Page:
Jiddu Krishnamurti or J. Krishnamurti (May 11, 1895–February
17, 1986), was born in Madanapalle, India and discovered, in 1909,
as a teenager by C.W. Leadbeater on the private beach at the Theosophical
headquarters at Adyar in Chennai, India. He was subsequently raised
under the tutelage of Annie Besant and C.W. Leadbeater within the
world-wide organization of the Theosophical Society, who believed
him to be a vehicle for a prophesied World Teacher. As a young man,
he disavowed this destiny and also dissolved the Order established
to support it, and eventually spent the rest of his life travelling
the world as an individual speaker and educator with essentially
the following message:"Truth is a pathless land", humans
cannot come to it through any organization, through any creed, through
any dogma, priest or ritual, not through any philosophic knowledge
or psychological technique. At age 90 he addressed the United Nations
on the subject of peace and awareness, and was awarded the 1984
UN Peace Medal. He gave his last talk in India a month before his
death, in 1986, in Ojai, California.
His supporters, working through charitable trusts, founded several
independent schools across the world—in India, England and the United
States—and transcribed many of his thousands of talks, publishing
them as educational philosophical books.
His official biographer, Mary Lutyens wrote a book about Krishnamurti's
early life in India, England, and finally in Ojai, California, entitled
Krishnamurti: The Years of Awakening. She was a close associate
of his from the Order of the Star, and knew him from the early days
until the end of his life. This book contains many insights into
this period of his life, about which he rarely spoke. Lutyens wrote
three additional volumes of biography: The Years of Fulfillment
(1983), The Open Door (1988), and Krishnamurti and the Rajagopals
(1996). Additionally, she published an abridgement of the first
three volumes, The Life and Death of Krishnamurti (1991). Other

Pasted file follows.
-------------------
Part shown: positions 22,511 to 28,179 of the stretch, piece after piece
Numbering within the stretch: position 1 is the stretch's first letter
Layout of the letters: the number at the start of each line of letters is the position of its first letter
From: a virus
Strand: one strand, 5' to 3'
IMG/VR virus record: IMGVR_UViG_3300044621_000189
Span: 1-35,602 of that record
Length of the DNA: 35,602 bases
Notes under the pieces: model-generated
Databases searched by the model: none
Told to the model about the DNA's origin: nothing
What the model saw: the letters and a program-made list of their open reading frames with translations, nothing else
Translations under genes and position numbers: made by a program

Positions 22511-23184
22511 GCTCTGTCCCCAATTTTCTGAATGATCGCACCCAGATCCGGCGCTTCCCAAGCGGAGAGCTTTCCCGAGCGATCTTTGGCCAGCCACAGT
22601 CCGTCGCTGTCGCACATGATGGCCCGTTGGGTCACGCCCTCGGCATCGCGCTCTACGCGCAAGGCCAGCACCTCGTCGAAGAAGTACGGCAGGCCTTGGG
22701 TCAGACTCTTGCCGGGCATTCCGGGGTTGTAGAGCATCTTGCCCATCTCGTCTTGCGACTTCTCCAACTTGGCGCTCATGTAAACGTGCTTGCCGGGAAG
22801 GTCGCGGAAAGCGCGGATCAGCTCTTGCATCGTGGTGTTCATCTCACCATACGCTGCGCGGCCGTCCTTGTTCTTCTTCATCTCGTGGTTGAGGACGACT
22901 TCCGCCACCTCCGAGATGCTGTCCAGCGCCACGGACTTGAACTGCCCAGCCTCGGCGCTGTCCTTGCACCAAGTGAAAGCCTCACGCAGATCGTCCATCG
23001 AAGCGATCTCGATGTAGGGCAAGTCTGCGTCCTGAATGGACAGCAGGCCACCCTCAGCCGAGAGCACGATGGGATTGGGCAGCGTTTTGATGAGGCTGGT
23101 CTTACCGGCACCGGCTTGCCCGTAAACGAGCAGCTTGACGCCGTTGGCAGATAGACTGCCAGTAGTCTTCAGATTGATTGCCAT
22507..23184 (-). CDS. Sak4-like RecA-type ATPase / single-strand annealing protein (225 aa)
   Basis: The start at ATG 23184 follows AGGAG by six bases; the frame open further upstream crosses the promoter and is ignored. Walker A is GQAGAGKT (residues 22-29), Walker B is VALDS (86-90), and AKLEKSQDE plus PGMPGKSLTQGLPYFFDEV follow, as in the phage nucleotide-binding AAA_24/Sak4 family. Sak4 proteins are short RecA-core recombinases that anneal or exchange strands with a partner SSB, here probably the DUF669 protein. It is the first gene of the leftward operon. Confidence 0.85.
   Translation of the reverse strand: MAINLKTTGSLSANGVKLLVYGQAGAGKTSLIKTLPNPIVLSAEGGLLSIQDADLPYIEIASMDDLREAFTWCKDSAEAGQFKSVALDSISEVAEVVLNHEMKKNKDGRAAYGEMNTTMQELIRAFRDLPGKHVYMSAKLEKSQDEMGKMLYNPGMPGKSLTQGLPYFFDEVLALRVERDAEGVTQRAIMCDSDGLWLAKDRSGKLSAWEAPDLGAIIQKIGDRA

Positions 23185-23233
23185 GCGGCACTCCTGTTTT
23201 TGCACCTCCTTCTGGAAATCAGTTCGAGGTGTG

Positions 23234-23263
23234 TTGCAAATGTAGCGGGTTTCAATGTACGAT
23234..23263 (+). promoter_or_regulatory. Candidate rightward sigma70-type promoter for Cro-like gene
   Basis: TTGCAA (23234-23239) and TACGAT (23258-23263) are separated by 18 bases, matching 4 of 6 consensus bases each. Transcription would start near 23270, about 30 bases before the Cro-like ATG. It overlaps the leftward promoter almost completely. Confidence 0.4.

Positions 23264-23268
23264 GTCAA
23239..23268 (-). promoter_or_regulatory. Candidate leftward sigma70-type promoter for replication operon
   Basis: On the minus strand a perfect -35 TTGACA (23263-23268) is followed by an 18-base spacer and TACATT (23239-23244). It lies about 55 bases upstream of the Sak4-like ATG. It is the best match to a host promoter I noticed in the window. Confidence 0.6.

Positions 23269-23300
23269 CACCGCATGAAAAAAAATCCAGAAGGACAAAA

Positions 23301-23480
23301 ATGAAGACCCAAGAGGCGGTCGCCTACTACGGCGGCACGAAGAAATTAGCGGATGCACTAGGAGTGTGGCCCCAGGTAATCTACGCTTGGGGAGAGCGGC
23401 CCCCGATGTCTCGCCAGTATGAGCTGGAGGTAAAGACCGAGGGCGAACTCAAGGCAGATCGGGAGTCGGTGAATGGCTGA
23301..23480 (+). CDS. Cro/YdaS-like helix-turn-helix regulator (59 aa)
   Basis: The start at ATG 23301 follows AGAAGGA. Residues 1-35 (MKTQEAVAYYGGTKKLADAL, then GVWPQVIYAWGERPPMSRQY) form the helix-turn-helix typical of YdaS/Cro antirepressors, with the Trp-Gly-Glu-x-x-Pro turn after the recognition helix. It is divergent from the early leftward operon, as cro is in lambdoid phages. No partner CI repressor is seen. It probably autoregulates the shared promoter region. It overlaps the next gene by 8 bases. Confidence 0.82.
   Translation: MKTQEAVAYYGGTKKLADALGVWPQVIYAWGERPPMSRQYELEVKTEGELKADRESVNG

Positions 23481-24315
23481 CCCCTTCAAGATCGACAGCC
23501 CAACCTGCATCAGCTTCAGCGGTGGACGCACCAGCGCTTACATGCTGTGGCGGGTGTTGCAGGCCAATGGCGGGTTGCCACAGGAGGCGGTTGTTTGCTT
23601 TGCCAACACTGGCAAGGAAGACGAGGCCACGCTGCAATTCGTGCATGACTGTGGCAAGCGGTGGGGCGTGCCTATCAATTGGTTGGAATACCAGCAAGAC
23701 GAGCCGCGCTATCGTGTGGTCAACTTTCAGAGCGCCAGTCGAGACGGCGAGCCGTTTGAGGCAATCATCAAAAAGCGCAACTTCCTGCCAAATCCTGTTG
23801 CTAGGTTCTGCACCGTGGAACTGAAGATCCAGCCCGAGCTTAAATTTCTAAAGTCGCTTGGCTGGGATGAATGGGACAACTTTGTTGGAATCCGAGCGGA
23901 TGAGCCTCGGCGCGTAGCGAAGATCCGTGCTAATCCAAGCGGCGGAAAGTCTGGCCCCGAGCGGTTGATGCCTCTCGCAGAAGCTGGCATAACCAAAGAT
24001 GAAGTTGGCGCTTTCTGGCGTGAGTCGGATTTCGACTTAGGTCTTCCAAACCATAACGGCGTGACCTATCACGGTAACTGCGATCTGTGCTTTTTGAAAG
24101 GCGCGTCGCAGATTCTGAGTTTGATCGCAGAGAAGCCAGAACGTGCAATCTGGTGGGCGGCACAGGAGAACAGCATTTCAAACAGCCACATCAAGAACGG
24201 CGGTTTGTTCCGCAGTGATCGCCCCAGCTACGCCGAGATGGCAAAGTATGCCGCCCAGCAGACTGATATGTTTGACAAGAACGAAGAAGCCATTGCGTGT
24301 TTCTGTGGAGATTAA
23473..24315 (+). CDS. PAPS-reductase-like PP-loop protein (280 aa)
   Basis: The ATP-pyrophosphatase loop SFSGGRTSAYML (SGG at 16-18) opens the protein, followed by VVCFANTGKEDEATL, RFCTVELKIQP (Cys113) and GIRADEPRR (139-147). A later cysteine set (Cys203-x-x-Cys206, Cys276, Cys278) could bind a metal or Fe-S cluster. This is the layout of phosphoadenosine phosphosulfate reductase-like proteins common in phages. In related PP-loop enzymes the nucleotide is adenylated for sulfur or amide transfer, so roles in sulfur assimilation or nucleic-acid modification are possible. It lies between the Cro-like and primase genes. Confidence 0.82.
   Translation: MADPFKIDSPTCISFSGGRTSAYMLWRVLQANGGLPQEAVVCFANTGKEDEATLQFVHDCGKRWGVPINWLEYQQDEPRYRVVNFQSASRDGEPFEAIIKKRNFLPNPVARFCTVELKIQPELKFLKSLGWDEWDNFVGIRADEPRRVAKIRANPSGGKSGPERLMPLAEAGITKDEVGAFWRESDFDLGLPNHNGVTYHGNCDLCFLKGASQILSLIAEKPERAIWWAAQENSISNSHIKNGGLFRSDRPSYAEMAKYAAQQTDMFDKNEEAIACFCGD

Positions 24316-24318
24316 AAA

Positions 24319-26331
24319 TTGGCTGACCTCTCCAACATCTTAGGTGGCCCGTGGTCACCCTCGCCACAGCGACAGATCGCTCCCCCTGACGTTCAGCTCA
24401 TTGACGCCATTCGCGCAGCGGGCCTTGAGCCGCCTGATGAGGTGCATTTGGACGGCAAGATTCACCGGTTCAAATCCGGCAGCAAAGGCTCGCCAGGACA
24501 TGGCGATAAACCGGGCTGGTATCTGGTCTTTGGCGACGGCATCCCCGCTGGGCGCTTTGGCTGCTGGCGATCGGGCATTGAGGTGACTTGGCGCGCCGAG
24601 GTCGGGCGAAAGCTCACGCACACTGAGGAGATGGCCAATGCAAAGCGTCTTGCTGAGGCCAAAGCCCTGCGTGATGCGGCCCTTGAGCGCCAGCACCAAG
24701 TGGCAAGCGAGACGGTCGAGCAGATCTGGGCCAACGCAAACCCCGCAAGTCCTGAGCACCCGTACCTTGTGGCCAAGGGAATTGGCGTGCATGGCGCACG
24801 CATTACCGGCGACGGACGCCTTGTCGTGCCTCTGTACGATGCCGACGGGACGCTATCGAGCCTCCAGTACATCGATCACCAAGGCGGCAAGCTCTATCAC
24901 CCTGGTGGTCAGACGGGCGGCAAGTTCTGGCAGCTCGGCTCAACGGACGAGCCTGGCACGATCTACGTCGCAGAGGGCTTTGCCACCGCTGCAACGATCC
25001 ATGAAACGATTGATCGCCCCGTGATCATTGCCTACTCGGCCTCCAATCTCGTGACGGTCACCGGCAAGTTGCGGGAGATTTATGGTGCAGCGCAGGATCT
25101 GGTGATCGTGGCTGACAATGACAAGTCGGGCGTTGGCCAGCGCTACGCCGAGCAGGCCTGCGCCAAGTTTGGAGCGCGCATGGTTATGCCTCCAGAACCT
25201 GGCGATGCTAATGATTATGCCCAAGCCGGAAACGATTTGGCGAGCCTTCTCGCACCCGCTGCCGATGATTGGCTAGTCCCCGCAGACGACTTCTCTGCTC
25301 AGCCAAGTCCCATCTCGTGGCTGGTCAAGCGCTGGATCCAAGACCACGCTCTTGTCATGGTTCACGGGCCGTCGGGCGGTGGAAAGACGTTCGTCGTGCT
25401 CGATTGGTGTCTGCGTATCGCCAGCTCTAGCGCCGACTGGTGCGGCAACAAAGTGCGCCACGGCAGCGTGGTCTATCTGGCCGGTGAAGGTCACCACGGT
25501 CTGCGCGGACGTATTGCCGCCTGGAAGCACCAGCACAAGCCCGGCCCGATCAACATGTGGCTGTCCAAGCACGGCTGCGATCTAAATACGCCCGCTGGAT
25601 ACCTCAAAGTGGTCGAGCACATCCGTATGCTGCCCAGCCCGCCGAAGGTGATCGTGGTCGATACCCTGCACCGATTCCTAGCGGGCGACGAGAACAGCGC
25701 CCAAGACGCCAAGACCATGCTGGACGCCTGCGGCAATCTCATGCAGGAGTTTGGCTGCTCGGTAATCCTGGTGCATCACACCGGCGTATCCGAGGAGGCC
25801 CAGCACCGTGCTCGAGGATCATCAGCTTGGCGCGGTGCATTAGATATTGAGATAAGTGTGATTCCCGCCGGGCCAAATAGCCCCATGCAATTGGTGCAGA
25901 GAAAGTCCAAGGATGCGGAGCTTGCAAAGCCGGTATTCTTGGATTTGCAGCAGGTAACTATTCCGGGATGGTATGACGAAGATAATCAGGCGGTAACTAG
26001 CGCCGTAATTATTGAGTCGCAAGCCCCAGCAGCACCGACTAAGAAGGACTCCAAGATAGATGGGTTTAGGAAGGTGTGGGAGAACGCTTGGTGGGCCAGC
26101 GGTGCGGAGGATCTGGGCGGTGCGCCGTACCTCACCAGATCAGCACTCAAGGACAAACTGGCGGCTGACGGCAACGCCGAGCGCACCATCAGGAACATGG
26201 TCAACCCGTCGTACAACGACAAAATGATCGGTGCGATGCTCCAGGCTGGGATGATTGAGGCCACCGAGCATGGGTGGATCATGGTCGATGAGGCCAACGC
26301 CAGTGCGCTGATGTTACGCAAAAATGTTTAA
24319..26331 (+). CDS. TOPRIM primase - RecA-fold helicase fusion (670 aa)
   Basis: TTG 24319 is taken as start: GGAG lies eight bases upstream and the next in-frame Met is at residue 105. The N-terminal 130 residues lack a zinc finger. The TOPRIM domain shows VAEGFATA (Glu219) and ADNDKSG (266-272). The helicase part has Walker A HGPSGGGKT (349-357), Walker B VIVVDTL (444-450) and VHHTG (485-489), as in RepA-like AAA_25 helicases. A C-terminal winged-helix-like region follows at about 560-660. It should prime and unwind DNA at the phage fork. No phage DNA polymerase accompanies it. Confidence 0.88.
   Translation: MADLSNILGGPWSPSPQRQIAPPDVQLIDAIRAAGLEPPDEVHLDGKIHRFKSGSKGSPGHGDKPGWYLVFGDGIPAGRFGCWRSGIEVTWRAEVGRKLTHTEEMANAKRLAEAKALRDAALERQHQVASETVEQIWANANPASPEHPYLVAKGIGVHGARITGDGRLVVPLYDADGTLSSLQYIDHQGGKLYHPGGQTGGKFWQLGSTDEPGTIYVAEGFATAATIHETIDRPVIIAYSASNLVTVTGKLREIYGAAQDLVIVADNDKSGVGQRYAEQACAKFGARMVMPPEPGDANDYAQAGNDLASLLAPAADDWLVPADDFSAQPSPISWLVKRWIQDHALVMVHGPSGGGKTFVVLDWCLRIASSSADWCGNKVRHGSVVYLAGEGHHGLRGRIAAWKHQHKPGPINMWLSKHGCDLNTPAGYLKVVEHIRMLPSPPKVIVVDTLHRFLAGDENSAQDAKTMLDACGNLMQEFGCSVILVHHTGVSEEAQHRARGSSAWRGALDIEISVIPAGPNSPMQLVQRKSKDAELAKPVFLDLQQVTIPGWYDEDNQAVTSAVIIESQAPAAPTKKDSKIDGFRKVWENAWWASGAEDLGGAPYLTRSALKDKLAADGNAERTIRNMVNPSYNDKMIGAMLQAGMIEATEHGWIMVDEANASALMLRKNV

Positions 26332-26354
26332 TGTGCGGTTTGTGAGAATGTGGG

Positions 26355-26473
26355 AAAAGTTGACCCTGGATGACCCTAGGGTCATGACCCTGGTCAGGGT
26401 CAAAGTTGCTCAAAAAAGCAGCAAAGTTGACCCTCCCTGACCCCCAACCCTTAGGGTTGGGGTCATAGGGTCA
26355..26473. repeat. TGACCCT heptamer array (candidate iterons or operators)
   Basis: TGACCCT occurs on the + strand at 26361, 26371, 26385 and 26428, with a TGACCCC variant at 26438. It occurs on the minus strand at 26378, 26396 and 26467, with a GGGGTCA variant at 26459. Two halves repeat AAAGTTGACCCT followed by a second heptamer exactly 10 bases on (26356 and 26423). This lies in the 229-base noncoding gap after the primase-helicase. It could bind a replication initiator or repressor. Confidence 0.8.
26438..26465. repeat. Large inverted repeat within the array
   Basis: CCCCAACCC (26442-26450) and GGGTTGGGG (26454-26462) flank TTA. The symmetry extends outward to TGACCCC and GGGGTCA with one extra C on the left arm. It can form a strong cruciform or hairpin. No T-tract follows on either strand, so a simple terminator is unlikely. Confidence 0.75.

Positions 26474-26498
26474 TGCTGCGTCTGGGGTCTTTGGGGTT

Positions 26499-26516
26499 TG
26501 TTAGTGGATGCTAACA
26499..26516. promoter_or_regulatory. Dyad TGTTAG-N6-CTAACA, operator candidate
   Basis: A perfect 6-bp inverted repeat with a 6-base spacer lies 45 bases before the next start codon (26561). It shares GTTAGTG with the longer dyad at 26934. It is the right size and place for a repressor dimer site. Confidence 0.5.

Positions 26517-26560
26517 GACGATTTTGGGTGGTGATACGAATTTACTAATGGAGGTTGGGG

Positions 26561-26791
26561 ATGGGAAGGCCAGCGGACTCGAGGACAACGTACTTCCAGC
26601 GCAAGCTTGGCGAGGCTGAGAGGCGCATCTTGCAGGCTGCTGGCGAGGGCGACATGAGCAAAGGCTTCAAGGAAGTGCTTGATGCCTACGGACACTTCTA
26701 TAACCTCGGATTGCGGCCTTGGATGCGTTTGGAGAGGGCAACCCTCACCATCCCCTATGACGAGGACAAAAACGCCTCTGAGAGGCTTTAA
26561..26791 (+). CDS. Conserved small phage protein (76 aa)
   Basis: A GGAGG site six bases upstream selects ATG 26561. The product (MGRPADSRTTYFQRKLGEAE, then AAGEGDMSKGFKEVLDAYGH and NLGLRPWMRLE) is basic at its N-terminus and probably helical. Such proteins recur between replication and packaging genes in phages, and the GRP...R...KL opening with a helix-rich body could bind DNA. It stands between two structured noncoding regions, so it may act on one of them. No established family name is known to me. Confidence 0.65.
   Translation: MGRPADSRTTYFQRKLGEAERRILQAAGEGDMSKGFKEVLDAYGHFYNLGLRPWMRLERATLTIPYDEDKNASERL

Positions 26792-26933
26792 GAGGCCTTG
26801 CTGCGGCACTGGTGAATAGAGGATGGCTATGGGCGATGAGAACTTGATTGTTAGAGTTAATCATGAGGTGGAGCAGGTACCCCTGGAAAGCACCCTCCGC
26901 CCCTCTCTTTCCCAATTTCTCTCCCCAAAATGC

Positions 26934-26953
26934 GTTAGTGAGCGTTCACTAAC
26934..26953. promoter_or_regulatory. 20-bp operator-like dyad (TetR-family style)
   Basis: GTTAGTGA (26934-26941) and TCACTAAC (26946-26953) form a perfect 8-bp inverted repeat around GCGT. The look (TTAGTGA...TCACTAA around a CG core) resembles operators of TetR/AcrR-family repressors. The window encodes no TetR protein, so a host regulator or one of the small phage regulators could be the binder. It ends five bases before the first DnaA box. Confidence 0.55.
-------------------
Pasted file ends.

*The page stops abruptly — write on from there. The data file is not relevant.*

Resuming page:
published biographies of Krishnamurti include: Krishnamurti, A Biography
(1986), by associate Pupul Jayakar and Star In the East: Krishnamurti,
The Invention of a Messiah (2002), by Roland Vernon.
Jiddu Krishnamurti came from a family of Telugu-speaking Brahmins.
His father, Jiddu Narianiah, graduated from Madras University and
then became an official in the Revenue Department of the British
administration, rising by the end of his career to the position
of rent collector and District Magistrate. His parents were second
cousins, having a total of eleven children, only six of whom survived
childhood. They were strict vegetarians, even shunning eggs, and
throwing away any food that the "shadow of an Englishman crossed".
(Lutyens, Awakening, p 1)
He was born in a small town about 150 miles (250 km) north of
Madras, India. His birthdate has been also stated as May 12, however
Mary Lutyens, points out, that the Brahmin day is calculated from
dawn and he was born at 12:30 AM, so therefore on May 11. It's only
the Western world who would state this was May 12. "As an eighth
child, who happened to be a boy, he was, in accordance with Hindu
orthodoxy, named after Sri Krishna who had himself been an eighth
In 1903, the family moved to Cudappah and Krishna contracted
malaria, a disease with which he would suffer recurrent bouts over
many years. In 1904, his eldest sister died, aged twenty. In his
memoirs, he describes his mother as "to a certain extent psychic"